**Syntax:**

**mapc** *function &rest lists+* =>

**mapcar** *function &rest lists+* =>

**mapcan** *function &rest lists+* =>

**mapl** *function &rest lists+* =>

**maplist** *function &rest lists+* =>

**mapcon** *function &rest lists+* =>

**Arguments and Values:**

*function*---a *designator* for a *function* that must take as many *arguments* as there are *lists*.

*list*---a *proper list*.

*list-1*---the first *list* (which must be a *proper list*).

*result-list*---a *list*.

*concatenated-results*---a *list*.

**Description:**

The mapping operation involves applying *function* to successive sets of arguments in which one argument is obtained from each *sequence*. Except for **mapc** and **mapl**, the result contains the results returned by *function*. In the cases of **mapc** and **mapl**, the resulting *sequence* is *list*.

*function* is called first on all the elements with index `0`, then on all those with index `1`, and so on. *result-type* specifies the *type* of the resulting *sequence*. If *function* is a *symbol*, it is **coerce**d to a *function* as if by **symbol-function**.

**mapcar** operates on successive *elements* of the *lists*. *function* is applied to the first *element* of each *list*, then to the second *element* of each *list*, and so on. The iteration terminates when the shortest *list* runs out, and excess elements in other lists are ignored. The value returned by **mapcar** is a *list* of the results of successive calls to *function*.

**mapc** is like **mapcar** except that the results of applying *function* are not accumulated. The *list* argument is returned.

**maplist** is like **mapcar** except that *function* is applied to successive sublists of the *lists*. *function* is first applied to the *lists* themselves, and then to the *cdr* of each *list*, and then to the *cdr* of the *cdr* of each *list*, and so on.

**mapl** is like **maplist** except that the results of applying *function* are not accumulated; *list-1* is returned.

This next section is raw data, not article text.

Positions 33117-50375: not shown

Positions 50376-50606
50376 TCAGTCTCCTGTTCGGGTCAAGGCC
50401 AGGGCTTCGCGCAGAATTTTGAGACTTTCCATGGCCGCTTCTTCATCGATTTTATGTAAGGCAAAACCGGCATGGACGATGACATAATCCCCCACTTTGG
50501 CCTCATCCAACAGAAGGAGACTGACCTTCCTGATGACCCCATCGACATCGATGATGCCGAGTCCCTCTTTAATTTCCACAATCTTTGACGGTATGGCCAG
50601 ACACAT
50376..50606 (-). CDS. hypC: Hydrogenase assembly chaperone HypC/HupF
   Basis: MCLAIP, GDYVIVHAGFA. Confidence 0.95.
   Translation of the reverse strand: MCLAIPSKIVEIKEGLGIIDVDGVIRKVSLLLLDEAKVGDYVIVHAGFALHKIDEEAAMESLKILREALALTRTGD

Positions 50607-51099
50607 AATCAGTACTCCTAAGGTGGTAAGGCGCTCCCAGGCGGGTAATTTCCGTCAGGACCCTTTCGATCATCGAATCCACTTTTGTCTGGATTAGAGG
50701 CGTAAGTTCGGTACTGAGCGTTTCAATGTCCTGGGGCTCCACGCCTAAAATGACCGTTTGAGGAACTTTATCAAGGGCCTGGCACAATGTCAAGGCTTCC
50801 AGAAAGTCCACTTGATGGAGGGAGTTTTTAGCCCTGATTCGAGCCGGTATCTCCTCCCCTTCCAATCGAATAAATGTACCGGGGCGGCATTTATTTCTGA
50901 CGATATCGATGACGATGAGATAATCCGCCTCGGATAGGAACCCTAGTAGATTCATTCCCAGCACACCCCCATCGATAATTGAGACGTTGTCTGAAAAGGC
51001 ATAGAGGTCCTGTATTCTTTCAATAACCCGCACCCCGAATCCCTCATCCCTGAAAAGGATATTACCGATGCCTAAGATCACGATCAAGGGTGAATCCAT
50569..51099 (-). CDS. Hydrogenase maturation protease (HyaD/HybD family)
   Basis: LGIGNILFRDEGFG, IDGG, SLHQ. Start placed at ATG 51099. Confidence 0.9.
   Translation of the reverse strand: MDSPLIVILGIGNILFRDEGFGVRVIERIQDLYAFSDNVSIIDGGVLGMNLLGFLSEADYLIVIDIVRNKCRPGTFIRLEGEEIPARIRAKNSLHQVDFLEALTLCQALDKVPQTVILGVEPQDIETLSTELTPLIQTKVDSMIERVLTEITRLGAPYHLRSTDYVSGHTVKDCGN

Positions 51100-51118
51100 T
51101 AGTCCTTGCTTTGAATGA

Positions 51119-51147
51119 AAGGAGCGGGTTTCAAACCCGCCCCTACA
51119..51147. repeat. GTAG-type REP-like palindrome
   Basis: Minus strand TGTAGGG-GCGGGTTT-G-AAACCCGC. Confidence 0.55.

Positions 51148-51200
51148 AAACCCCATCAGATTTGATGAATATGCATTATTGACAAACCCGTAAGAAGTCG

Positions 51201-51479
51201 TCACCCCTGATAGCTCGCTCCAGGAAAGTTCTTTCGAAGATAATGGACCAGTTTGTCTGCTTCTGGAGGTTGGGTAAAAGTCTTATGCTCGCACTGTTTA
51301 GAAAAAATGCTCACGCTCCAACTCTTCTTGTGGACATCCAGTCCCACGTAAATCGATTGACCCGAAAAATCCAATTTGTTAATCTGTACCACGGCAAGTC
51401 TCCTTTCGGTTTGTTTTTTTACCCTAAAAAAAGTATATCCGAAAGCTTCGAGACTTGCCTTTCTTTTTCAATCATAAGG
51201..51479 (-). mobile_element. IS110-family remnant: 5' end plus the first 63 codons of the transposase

**mapcan** and **mapcon** are like **mapcar** and **maplist** respectively, except that the results of applying *function* are combined into a *list* by the use of **nconc** rather than **list**. That is,

(mapcon f x1 ... xn) == (apply #'nconc (maplist f x1 ... xn))and similarly for the relationship between

**Examples:**

(mapcar #'car '((1 a) (2 b) (3 c))) => (1 2 3) (mapcar #'abs '(3 -4 2 -5 -6)) => (3 4 2 5 6) (mapcar #'cons '(a b c) '(1 2 3)) => ((A . 1) (B . 2) (C . 3)) (maplist #'append '(1 2 3 4) '(1 2) '(1 2 3)) => ((1 2 3 4 1 2 1 2 3) (2 3 4 2 2 3)) (maplist #'(lambda (x) (cons 'foo x)) '(a b c d)) => ((FOO A B C D) (FOO B C D) (FOO C D) (FOO D)) (maplist #'(lambda (x) (if (member (car x) (cdr x)) 0 1)) '(a b a c d b c)) => (0 0 1 0 1 1 1) ;An entry is 1 if the corresponding element of the input ; list was the last instance of that element in the input list. (setq dummy nil) => NIL (mapc #'(lambda (&rest x) (setq dummy (append dummy x))) '(1 2 3 4) '(a b c d e) '(x y z)) => (1 2 3 4) dummy => (1 A X 2 B Y 3 C Z) (setq dummy nil) => NIL (mapl #'(lambda (x) (push x dummy)) '(1 2 3 4)) => (1 2 3 4) dummy => ((4) (3 4) (2 3 4) (1 2 3 4)) (mapcan #'(lambda (x y) (if (null x) nil (list x y))) '(nil nil nil d e) '(1 2 3 4 5 6)) => (D 4 E 5) (mapcan #'(lambda (x) (and (numberp x) (list x))) '(a 1 b c 3 4 d 5)) => (1 3 4 5)In this case the function serves as a filter; this is a standard Lisp idiom using

(mapcon #'list '(1 2 3 4)) => ((1 2 3 4) (2 3 4) (3 4) (4))

**Affected By:** None.

**Exceptional Situations:**

Should be prepared to signal an error of *type* **type-error** if any *list* is not a *proper list*.

**See Also:**

**dolist**, **map**, Section 3.6 (Traversal Rules and Side Effects)

**Notes:** None.

The following X3J13 cleanup issues,

- MAPPING-DESTRUCTIVE-INTERACTION:EXPLICITLY-VAGUE
- FUNCTION-TYPE:X3J13-MARCH-88
- DOTTED-LIST-ARGUMENTS:CLARIFY